by Kevin Coupe
I hate to say "I told you so."
Actually, that's not true. There are times when I love saying "I told you so." If you're in the punditry business like I am, it is nice from time to time to a) get one right, and b) be able to say so.
That's what happened when Howard Schultz returned to Starbucks as CEO. (To be fair, I did get it wrong when I suggested that having returned, Schultz would give up the CEO gig there when they pried it from his cold, dead fingers. He says he's leaving. I'm taking him at his word. At least, for the moment.)
Here's another one, which didn't surprise me at all, and that offers an important retailing lesson.
The Wall Street Journal reports that Netflix "is warming up to the idea of offering live sports on its platform—as long as it can do so without breaking the bank, according to people familiar with the discussions.
"The company recently bid for the streaming rights for the ATP tennis tour for some European countries, including France and the U.K., but dropped out, one of the people said. It also discussed bidding for a series of other events including U.K. rights to the Women’s Tennis Association and cycling competitions, the people said.
"Additionally, in an effort to bypass the ever-escalating costs of bidding for sports rights, Netflix executives have had discussions about buying lower-profile leagues, people familiar with the discussions said. The company late last year was in talks to buy the World Surf League, but negotiations fell apart because the two organizations couldn’t reach an agreement on a price, people familiar with the potential deal said.
"Some Netflix executives believe that given the size of its platform, Netflix could turn lesser-known sports like surfing into big franchises, and create new sporting tournaments or events, the people said."
I've been predicting this for some time now. There is a reason that the likes of Apple and Amazon have been securing the rights to various sporting events, spending billions of dollars to be able to say, "This is the only place to watch X event." (Like Thursday Night Football on Amazon Prime Video.). It is proprietary content - you can't get it anywhere else, which brings more people to their sites. The goal is simple - Apple wants some of these people to buy iPhones and AirPods, and Amazon wants these people to buy … well, everything else.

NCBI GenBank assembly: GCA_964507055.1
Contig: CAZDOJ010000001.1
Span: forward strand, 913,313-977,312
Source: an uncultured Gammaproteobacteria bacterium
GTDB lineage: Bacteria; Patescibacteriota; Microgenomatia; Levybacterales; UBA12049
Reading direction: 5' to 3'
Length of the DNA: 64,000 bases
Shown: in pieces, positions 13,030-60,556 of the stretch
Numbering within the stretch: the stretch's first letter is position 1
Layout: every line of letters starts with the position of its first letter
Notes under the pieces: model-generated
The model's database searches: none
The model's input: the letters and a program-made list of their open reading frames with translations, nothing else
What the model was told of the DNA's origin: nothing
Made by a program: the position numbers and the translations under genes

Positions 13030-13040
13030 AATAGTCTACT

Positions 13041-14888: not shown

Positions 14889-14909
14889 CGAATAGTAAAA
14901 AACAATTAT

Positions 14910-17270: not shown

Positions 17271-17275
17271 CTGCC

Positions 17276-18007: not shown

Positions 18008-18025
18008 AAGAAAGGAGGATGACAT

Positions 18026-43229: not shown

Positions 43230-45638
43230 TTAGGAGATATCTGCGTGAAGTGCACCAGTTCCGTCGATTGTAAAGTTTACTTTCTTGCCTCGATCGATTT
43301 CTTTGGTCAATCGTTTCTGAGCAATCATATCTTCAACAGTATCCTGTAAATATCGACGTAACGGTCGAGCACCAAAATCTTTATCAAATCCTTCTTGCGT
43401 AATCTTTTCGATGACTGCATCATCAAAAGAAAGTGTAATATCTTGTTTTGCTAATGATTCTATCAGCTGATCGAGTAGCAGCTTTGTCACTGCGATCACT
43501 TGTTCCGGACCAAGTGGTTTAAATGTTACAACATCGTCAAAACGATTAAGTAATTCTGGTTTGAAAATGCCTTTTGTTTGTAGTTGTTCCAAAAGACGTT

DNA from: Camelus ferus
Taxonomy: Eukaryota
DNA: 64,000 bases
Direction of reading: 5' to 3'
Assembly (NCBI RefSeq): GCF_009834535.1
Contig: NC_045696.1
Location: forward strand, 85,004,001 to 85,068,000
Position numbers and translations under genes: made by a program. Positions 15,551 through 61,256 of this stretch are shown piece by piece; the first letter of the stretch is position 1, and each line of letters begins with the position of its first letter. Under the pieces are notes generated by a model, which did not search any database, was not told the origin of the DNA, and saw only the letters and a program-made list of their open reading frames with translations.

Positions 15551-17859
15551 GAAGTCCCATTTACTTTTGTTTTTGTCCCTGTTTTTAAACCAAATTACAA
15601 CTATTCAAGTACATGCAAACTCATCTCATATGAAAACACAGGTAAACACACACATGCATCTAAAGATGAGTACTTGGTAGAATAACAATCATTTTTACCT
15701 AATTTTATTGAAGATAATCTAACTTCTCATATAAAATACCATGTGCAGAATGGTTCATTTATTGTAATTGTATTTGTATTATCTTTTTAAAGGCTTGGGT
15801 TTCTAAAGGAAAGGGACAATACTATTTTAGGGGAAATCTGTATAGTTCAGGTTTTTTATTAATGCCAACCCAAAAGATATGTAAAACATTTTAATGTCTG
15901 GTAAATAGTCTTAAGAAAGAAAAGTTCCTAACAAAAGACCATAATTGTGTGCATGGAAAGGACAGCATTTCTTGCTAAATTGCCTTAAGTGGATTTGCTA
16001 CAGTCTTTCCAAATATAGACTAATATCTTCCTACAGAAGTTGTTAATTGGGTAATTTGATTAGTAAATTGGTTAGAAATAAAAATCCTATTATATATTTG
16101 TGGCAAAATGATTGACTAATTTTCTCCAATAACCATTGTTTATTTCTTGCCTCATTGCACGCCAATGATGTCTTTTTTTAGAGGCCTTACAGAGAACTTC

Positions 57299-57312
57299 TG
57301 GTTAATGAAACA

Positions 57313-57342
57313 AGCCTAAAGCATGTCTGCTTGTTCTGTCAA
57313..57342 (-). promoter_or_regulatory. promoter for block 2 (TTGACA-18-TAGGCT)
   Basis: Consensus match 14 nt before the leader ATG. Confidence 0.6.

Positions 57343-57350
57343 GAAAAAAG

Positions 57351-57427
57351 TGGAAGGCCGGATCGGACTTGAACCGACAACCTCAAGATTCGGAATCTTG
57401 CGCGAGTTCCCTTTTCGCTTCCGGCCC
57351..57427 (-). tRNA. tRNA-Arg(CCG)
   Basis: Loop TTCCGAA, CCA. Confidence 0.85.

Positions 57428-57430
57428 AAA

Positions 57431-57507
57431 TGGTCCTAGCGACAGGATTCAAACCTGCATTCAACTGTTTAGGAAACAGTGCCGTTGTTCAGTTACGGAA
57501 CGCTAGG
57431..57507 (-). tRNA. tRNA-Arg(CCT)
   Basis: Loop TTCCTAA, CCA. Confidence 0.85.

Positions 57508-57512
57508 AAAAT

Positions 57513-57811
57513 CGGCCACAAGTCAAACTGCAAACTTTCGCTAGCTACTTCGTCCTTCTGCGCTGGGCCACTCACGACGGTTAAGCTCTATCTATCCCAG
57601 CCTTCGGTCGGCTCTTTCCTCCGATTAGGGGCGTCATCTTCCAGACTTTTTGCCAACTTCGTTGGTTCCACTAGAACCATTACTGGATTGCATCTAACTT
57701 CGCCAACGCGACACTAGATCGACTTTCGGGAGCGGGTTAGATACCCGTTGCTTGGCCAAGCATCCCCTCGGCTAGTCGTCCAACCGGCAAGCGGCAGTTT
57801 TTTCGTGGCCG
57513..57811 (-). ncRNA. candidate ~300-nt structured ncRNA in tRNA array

It was inevitable that Netflix - which, having pioneered the streaming business, has been struggling lately because of competition - would join them in getting into the sports business. It is interesting that Netflix may take a slightly different approach to the strategy, which makes sense - if they can build something strong in an untapped area, it could be even a greater competitive advantage.
(One quick note. Expect these folks to also get into the news/public service business at some point. If I were at Amazon, Apple or Netflix, I'd be thinking about - depending on the race takes shape - streaming some presidential campaign debates during the 2024 cycle and trying to find a new approach to the concept. I have some ideas about this, if any of these three companies want to chat about it.)
The Eye-Opening retail lesson?
Simple. Retailers have to find ways to offer proprietary, differentiating, unique products, and use these items to distinguish themselves in the marketplace.
Look at your store(s). How many of the products that you sell also are available at your closest competitor? At your most effective competitor? Ninety percent? More? (Be hard-eyed about this. Self-delusion is not your friend.)
And then, figure out a strategy to consistently innovate with new items, new services, and transformational approaches to retailing that make you indispensable to your shoppers.
Okay, maybe not so simple. But I do think that it is critical to survival, to success.